Running the Royal Parks Half Marathon for NDCS

Image courtesy of
Image courtesy of

On Sunday, I did something I swore I would never do again. A long distance run. A few months back, I signed up to the Royal Parks Half Marathon to help raise money for the National Deaf Children’s Society. Despite having done very little training in the last month due to the party conferences and having a sniffly cold, I decided to go ahead. Off I headed to Hyde Park Corner in the early hours of a cloudy Sunday morning to take my place among thousands of other runners.

First couple of miles went OK. Lots of weaving in and out of other runners. Throat feeling rather dry. Came close to a massive pile up at the first drinks station. After four miles, the novelty wore off and I started to think “I still have an awfully long way to go”. After around 5 miles, I started to feel a little queasy. Maybe a month of breakfast fry-ups at party conferences wasn’t the best training plan to adopt. Was I approaching the wall?

Then I ran into Hyde Park to the sight of lots of people cheering everyone on. I saw the NDCS flag! Some lovely volunteers and colleagues there to cheer me on. I got a second burst and felt revitalised and picked up speed again. This is just like my normal run in the park with lots of nice golden autumn leaves around.

Then around 7 to 8 miles, I began to flag again. How big is this pesty park? How can I still be running in it?! A convulated run in and around the park, avoiding conkers and squirrels. Squirted some carb gel into my mouth to give me energy. Didn’t help. In fact, felt queasy again. Maybe a mantra would help? Something to repeat over and over again in my head to keep me going. Then gave up on that when I realised I was singing Bob the Builder’s “Can we fix it?” in my head.

Still around 4 miles to go… Legs beginning to feel like lead. Headache developing as I pound the ground. Maybe I could stop to walk for a little bit? Just for a little while? Voices in my head start to have an argument on whether to keep going. I begin to speculate that running is making me mad. But then I see some stranger holding a poster saying that you’ve only failed, if you quit trying. I decide to keep trying.

Getting to the eleven mile mark. Not that long to go… maybe I can do this after all? I keep my head down and focus on staying in a good rhythm. Twelve mile mark. Nearly there. Hang on, one of my colleagues has just run past me! I pick up speed once again. Never going to pass her, but definitely not going to let her finish miles ahead of me!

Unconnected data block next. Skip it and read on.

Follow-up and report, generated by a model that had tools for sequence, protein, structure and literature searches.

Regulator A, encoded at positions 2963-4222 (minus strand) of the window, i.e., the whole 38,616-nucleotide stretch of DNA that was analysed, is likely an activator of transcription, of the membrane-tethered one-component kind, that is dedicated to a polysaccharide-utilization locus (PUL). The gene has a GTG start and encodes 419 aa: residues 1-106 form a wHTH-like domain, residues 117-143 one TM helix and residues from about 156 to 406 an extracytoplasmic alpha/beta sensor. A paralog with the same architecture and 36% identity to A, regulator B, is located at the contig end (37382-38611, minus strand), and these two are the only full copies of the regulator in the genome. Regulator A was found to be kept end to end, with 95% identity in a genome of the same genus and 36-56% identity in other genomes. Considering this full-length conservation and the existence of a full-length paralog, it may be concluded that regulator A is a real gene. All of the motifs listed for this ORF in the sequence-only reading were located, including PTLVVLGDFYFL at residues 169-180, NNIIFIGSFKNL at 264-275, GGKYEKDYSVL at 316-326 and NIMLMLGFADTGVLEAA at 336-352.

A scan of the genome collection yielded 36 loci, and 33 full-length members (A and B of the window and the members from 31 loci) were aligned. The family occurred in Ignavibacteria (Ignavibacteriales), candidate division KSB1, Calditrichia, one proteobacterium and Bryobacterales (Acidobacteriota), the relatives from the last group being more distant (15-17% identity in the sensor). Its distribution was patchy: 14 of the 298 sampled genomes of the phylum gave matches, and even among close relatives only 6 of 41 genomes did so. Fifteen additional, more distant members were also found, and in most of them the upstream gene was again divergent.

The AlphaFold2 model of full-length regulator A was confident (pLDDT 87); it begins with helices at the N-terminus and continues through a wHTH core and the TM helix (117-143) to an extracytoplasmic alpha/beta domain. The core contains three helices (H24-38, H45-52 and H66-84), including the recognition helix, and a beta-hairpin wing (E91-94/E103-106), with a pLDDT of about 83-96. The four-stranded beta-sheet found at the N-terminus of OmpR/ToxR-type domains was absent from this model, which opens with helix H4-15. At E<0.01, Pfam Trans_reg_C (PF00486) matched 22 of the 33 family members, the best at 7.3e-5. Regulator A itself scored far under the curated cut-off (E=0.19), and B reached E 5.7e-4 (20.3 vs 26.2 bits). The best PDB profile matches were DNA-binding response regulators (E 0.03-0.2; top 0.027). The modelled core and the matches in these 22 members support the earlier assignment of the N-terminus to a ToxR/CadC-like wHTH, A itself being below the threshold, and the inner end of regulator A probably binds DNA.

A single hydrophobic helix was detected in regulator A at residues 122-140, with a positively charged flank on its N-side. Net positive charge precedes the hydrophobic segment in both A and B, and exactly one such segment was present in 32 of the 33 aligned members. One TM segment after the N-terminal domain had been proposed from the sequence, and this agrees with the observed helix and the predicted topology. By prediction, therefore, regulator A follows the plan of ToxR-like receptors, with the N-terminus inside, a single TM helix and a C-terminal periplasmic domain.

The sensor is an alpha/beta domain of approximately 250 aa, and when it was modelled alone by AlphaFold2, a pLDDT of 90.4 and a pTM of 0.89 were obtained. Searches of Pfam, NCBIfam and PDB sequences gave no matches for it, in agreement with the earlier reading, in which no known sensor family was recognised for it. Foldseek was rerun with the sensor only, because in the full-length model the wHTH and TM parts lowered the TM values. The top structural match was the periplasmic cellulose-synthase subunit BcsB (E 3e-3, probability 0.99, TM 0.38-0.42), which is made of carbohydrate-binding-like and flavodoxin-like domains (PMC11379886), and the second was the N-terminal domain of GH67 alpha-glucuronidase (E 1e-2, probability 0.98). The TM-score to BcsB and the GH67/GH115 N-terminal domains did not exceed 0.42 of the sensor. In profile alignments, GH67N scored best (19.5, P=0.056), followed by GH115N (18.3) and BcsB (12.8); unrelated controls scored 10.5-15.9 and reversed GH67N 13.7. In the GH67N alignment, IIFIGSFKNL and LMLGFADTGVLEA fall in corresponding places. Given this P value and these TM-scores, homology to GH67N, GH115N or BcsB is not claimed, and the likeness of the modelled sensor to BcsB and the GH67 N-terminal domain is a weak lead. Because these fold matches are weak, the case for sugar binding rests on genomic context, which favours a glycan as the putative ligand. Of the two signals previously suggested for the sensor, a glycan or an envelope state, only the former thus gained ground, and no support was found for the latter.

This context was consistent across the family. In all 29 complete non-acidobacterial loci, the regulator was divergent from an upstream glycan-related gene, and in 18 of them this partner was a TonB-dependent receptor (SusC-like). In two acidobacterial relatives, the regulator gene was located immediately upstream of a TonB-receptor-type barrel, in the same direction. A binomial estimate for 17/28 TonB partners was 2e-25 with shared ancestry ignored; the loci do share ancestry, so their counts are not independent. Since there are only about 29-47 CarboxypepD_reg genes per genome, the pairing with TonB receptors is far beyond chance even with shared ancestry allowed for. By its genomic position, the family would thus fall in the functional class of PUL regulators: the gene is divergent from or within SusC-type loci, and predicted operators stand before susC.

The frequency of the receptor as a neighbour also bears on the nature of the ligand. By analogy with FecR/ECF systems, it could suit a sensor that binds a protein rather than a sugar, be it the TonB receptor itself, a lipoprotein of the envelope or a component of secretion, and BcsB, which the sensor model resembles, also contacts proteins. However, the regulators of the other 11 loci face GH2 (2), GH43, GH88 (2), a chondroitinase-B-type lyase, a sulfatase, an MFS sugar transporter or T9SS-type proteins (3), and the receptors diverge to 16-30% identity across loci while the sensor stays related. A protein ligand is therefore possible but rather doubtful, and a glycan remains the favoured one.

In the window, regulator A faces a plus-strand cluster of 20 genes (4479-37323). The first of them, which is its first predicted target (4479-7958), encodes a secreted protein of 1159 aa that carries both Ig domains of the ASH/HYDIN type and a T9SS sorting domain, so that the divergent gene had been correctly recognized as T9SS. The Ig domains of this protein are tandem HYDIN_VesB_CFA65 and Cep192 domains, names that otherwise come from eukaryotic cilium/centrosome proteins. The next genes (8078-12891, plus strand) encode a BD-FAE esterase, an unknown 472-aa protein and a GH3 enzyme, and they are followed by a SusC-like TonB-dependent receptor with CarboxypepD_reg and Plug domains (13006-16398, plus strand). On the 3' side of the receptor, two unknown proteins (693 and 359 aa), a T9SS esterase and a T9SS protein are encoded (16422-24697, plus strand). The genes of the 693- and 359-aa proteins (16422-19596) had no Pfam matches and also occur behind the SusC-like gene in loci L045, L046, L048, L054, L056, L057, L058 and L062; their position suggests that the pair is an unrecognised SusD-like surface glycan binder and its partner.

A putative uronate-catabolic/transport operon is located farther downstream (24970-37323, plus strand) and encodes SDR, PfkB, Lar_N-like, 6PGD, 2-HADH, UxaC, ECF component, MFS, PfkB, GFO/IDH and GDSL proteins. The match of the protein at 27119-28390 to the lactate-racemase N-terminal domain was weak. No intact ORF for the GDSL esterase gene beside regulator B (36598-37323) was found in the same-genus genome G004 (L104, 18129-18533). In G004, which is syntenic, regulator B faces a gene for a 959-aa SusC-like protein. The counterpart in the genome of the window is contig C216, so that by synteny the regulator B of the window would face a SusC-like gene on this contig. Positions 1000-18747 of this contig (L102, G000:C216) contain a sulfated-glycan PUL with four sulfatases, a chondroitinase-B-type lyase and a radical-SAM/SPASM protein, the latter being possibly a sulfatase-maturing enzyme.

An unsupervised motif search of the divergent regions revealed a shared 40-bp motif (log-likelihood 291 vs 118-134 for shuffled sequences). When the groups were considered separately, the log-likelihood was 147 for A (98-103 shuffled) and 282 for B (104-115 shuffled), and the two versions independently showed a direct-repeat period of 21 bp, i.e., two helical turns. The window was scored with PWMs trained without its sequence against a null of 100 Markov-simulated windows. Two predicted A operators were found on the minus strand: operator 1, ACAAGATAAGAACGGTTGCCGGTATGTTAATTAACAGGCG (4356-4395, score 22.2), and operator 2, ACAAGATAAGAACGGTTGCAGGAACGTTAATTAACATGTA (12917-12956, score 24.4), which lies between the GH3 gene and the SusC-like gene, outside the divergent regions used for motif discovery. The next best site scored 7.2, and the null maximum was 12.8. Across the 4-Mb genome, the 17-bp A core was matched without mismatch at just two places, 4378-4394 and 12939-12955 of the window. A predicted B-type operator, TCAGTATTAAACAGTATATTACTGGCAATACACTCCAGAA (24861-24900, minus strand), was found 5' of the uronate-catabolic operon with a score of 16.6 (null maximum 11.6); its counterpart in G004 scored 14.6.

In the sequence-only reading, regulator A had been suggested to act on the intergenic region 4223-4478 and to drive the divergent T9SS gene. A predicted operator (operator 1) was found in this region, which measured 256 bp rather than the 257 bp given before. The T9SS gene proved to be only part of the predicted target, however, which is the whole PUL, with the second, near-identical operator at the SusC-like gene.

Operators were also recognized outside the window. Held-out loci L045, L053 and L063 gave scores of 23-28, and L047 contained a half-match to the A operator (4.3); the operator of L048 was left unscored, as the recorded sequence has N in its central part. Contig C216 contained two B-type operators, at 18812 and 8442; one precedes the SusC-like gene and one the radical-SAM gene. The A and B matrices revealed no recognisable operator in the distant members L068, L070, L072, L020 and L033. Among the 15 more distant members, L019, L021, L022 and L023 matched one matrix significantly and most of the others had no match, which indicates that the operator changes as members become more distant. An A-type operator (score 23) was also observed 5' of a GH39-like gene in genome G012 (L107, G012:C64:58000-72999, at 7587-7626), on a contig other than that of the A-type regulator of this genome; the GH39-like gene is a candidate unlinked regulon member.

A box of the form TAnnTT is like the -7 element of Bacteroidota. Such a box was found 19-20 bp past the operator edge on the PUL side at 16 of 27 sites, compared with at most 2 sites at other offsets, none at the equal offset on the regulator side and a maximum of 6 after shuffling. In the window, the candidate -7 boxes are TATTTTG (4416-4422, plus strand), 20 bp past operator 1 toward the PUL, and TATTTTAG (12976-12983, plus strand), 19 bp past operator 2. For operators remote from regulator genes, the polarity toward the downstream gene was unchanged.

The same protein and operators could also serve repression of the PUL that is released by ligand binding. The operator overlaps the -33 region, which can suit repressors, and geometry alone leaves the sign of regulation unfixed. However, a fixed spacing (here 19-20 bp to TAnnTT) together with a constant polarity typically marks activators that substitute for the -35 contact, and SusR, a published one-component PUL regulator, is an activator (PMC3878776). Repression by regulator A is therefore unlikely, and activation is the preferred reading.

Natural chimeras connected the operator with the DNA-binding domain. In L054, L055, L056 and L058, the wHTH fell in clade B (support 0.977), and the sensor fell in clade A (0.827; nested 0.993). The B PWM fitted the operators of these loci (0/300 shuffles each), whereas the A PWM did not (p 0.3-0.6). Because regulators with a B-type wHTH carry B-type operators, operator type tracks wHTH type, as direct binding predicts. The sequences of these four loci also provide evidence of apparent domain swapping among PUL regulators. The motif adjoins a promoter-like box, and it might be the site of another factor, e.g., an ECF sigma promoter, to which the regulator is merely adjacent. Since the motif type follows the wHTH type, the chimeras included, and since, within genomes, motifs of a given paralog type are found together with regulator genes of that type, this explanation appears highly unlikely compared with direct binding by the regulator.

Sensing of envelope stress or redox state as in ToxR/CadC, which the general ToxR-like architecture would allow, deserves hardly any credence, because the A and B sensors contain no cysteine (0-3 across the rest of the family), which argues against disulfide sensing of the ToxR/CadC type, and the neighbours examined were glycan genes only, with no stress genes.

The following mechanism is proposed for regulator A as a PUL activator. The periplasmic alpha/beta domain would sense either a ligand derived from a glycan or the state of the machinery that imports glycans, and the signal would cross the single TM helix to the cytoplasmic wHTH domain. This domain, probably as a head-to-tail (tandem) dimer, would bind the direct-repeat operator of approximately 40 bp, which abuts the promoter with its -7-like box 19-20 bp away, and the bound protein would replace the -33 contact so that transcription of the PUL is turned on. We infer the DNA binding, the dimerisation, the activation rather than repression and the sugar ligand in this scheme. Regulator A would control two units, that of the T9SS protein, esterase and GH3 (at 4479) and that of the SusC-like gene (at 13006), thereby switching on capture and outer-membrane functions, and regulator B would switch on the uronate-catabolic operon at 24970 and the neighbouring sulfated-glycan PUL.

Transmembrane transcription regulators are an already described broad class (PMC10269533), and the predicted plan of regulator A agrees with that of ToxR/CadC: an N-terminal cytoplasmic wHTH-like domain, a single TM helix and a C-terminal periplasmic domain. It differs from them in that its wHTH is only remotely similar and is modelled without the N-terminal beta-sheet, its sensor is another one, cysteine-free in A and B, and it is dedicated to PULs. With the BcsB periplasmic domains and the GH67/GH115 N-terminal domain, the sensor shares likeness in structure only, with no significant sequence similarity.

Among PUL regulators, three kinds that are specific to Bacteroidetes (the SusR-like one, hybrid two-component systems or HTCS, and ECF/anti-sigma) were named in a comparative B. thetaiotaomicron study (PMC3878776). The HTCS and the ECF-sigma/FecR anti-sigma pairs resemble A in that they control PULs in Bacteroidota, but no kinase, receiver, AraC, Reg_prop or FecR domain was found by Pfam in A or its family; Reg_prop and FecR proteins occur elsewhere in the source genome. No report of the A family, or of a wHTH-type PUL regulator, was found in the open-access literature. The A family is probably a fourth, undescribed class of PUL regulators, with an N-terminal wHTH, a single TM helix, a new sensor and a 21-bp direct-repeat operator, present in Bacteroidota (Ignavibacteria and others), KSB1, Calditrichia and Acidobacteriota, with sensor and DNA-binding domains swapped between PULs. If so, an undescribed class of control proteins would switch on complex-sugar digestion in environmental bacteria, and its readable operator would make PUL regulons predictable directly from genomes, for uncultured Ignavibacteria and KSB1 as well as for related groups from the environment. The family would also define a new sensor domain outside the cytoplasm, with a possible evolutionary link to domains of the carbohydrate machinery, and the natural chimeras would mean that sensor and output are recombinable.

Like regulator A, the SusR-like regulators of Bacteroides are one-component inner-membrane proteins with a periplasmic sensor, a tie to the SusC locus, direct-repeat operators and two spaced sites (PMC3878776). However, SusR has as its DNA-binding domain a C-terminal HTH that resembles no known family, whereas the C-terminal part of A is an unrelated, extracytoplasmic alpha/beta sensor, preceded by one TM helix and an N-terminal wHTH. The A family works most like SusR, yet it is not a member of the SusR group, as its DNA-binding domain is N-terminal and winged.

Then I see the finish line, around half a mile away. I look at my watch and see I’m just under two hours. There’s nothing for it. I slowly pick up speed. Getting faster and faster. Before I know it, I’m sprinting to the finish line, legs screaming in agony and lungs on the verge of collapse. And then it’s all over. I’ve done it. 1 hour, 59 minutes and 2 seconds. Phew.

Then comes the best bit of all. The sense of achievement. A warm glow inside of you, that masks everything else. Knowing that you set yourself a goal, worked hard for it and did it. That alone is worth it, but also knowing that I’ve helped raise a little bit of money for charity. And got a pretty little medal too.

Two days later, I still can’t do stairs and I’ve now officially retired from long distance running. If anyone in the office asks, I tell them I never want to do it again. But I probably will, maybe in around a year when I’ve forgotten about all the pain. Maybe I will actually train properly next time. At the end of the day, the post-run euphoria is like nothing else.

If you want to set yourself a challenge, NDCS has lots of events for people, from short runs to trekking up mountains. And if you want to reward me for my agony in the park, then I have a sponsor page at justgiving.

See you at the start line next year!


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